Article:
Jack Nicklaus gives new meaning to the words hands-on.
This story first appeared in the March 6, 2014 issue of WWD. Subscribe Today.
The man widely viewed as golf’s greatest player, now 74, can tick off the licensee, the design aesthetic and even the fabric content of his apparel offerings through the years, starting with Revere in Boston in 1961 to Hartmarx in 1967 and now Perry Ellis International.
PEI acquired the license earlier this year and the merchandise will be introduced at 470 J.C. Penney stores on Friday. It will roll out to 600 units for fall.
According to Howard Milstein, who bought a minority interest in the golfer’s Nicklaus Cos. in 2007, apparel sales alone are expected to eventually become a $1 billion business. Already, there are 900 Jack Nicklaus boutiques in Japan, bringing in $100 million in sales, and another 100 in South Korea, which account for an additional $50 million in volume. The company is seeking a partner in China as well, as it strives to reach its lofty goal.
Milstein believes the U.S. market can bring in $300 million to $400 million, starting with Penney’s and then expanding to other retailers and channels of distribution as the label creates a lifestyle brand, one that will include everything from sport coats and dress pants to cashmere sweaters and wovens.
Taking time out from last weekend’s Honda Classic at the PGA National Champion Course he designed in Palm Beach Gardens, Fla., Nicklaus said he was “very pleased” with the new relationship with PEI and its work to “revive” the label in America.
Over the years, Nicklaus has seen golf style come full-circle. “We had loud pants and wore wide belts — just like today,” he said with a laugh. “We haven’t gotten to bell-bottoms yet, but I’m sure we will.” Sweaters have remained “fairly consistent,” but the overall fit has changed and is now much slimmer.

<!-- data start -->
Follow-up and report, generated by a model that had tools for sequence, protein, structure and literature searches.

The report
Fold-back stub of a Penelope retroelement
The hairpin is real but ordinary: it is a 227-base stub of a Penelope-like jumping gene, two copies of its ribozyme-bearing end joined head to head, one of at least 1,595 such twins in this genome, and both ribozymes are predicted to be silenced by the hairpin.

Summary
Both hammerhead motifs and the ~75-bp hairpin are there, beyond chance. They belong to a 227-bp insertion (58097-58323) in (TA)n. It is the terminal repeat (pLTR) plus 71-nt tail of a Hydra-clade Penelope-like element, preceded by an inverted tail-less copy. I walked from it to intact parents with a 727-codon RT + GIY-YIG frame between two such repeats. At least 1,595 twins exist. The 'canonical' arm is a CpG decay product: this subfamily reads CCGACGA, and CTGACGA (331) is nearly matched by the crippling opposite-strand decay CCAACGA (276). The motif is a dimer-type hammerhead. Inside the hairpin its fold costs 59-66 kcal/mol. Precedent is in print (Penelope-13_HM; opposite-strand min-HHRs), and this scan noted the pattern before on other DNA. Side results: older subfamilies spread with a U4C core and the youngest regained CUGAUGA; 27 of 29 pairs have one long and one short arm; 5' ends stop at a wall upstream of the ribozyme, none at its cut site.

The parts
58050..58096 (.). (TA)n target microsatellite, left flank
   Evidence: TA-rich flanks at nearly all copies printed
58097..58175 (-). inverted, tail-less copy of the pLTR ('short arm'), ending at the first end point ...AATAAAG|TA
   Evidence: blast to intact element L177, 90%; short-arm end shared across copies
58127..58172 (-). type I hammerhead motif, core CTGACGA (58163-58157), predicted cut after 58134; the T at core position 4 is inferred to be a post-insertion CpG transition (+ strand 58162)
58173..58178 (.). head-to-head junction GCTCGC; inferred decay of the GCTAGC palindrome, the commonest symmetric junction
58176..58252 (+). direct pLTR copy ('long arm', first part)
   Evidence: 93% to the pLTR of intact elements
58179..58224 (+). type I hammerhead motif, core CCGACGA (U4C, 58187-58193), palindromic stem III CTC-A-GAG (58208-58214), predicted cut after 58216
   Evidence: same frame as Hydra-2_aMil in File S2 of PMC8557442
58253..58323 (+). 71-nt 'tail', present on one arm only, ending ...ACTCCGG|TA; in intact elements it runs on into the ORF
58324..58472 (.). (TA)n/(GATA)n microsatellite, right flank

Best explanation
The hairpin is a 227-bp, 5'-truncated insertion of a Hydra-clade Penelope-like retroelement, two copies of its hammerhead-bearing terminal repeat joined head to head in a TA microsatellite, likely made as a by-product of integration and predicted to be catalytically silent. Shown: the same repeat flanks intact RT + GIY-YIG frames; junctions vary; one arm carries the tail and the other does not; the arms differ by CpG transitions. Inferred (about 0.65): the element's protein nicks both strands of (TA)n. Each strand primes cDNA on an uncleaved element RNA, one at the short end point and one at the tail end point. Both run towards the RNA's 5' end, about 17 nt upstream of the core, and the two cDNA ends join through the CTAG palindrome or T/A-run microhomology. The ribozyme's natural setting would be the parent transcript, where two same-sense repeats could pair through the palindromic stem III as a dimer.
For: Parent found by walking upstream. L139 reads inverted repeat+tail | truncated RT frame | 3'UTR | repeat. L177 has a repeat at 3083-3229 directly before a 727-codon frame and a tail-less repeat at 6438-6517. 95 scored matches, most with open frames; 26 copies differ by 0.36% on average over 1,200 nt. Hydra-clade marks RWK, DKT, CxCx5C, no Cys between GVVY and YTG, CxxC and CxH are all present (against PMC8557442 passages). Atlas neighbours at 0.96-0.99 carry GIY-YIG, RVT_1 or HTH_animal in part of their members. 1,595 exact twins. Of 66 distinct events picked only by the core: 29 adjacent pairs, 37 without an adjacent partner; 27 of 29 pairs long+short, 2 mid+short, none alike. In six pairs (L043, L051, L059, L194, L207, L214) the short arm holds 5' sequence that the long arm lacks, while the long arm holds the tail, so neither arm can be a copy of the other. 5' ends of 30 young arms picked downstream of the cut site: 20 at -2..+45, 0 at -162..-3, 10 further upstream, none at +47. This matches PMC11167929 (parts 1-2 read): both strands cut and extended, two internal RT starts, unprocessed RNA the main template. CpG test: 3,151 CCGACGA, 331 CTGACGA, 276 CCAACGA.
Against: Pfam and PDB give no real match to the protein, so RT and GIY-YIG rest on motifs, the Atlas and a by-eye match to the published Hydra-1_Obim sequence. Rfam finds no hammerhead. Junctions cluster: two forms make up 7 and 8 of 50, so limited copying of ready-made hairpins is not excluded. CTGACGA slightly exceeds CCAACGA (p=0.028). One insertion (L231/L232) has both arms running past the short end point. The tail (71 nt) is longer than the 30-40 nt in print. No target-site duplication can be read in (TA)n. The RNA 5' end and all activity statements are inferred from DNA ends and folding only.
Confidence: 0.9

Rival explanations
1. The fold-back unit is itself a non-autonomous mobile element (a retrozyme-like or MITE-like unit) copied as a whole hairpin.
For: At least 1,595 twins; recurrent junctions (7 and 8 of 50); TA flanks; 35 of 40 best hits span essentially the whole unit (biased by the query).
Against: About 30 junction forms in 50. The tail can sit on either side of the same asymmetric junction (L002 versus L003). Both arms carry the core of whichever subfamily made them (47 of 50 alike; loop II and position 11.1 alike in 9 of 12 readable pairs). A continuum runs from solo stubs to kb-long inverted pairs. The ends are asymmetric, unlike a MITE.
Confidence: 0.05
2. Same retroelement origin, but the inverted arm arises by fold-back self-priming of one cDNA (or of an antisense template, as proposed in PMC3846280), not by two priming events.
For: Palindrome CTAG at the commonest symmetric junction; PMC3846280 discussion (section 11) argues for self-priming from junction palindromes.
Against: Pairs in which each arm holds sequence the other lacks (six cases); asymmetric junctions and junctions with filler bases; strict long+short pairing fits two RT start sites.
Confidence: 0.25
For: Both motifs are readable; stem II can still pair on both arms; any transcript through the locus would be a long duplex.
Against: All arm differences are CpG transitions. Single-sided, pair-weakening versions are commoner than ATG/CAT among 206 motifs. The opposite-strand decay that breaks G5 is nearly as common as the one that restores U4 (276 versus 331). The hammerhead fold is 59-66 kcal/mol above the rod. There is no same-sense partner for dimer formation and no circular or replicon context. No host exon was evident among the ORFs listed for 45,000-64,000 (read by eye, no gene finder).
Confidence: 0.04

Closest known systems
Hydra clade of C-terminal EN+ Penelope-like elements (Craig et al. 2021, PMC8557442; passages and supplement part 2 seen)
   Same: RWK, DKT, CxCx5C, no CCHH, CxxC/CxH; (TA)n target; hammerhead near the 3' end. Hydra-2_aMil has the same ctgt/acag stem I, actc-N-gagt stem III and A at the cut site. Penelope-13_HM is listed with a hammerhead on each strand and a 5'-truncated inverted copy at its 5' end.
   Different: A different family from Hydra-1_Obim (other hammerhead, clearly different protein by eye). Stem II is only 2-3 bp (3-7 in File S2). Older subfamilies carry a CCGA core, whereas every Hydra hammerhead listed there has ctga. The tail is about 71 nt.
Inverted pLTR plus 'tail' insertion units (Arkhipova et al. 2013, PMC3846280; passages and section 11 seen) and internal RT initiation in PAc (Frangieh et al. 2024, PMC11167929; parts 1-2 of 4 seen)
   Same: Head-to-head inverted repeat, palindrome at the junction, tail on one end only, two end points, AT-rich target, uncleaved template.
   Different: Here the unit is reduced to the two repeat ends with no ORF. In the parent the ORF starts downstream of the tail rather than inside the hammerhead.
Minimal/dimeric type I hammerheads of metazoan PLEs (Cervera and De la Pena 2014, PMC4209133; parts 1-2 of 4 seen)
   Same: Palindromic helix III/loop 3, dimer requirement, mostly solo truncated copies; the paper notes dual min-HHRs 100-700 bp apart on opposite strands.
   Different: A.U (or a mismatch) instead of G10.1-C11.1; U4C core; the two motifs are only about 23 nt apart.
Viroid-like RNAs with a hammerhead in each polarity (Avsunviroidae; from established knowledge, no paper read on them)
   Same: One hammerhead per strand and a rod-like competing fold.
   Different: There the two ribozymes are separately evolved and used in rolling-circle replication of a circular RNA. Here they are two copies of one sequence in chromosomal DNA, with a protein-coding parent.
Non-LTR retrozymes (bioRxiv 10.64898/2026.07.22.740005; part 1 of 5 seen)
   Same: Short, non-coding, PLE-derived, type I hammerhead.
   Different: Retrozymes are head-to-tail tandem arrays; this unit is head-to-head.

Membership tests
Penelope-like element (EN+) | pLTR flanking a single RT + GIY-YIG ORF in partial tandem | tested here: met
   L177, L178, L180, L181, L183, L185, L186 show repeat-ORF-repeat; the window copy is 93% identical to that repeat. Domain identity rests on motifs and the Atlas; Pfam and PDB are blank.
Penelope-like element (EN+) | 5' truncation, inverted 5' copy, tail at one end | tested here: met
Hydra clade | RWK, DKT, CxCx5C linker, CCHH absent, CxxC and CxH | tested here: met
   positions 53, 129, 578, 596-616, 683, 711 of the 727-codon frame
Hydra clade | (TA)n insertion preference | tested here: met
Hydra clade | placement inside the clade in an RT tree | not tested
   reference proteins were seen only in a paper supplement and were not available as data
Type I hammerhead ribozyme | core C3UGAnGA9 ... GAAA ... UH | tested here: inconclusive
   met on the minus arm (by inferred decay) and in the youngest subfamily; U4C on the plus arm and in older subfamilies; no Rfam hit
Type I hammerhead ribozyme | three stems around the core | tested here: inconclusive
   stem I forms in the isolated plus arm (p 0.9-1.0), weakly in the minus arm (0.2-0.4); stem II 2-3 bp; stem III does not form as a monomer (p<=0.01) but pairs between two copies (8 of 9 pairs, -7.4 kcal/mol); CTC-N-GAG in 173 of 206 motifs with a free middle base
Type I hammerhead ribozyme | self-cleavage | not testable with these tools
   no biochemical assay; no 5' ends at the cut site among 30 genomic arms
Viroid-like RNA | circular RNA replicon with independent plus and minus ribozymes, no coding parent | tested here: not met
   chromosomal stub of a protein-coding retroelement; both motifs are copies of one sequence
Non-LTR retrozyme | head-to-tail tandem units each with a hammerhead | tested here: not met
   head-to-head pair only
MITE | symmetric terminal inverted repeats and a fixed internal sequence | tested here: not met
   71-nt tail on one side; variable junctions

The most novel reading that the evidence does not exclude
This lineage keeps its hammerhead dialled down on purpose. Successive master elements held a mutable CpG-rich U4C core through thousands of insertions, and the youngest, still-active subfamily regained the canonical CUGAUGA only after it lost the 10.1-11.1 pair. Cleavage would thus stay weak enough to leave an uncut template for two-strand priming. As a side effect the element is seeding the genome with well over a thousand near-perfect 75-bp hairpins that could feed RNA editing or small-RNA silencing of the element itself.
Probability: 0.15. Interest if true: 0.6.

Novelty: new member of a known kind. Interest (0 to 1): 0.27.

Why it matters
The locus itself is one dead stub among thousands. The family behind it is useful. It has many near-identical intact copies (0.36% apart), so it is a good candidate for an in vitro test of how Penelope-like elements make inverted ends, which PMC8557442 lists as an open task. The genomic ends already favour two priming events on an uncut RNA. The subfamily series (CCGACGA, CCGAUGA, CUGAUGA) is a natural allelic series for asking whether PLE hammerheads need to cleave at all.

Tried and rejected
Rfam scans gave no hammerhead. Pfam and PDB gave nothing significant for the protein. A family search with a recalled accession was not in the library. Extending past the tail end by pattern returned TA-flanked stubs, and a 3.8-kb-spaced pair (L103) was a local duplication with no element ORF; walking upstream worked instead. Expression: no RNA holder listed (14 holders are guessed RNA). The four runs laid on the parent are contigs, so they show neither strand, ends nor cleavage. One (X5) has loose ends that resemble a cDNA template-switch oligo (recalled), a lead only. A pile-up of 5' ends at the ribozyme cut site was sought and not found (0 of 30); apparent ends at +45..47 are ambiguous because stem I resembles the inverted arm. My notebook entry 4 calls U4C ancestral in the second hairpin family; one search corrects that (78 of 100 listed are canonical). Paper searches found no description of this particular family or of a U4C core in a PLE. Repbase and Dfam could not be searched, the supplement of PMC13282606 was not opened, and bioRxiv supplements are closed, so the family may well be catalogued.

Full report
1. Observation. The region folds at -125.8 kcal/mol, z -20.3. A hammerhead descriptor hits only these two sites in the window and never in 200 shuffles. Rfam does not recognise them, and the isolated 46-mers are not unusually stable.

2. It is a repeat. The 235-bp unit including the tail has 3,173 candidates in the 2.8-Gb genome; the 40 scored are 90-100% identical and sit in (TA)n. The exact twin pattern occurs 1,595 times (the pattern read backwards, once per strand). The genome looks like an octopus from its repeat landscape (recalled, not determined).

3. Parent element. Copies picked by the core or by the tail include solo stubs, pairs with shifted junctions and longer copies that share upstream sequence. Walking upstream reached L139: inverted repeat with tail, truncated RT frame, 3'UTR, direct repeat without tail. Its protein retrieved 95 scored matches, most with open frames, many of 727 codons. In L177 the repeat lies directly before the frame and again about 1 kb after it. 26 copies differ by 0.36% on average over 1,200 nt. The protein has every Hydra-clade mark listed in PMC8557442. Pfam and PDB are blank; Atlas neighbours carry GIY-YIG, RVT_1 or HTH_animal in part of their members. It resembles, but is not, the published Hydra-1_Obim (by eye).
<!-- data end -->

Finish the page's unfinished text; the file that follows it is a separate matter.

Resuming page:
He said he admires the style of some of the younger golfers such as Rickie Fowler, who is known for wearing bright colors and oversize hats from his sponsor, Puma. “I have one grandson who wants to wear everything Rickie wears,” Nicklaus said.
He also pointed to brands such as Under Armour, Peter Millar and Fairway & Greene as trendsetters. “And we’re trying to do the same by partnering with J.C. Penney.”
John Tighe, senior vice president and general merchandise manager of men’s for J.C. Penney Co. Inc., believes there’s a lot of potential for the Nicklaus brand. “Golf is a big, growing segment of the industry and we’ve been underserved,” he said. Right now, Penney’s primary offering is through PGA Tour merchandise, also produced by PEI. But the Nicklaus merchandise offers “youthful styling that is sharp and clean, and is a great way to reach guys.” He said the floors will include graphics of Nicklaus and his accomplishments on the course over the years — he has 118 professional tournament victories and a record 18 major championship titles including six Masters, five PGA Championships, four U.S. Opens and three British Opens, and is only one of five golfers to have won all four of the sport’s modern majors, known as the Grand Slam.
Although Penney’s won’t install traditional hard shops, there will be mannequins, wrap fixtures and other merchandising elements in stores. The merchandise includes shorts, pants, polos and layering pieces, many with wicking and stretch attributes. “It’s a tight collection but we’ll expand it for fall,” Tighe said.
Price points will range from $24.99 to $34.99. “The styling and pricing should be good for our core customer and his budget,” Tighe said.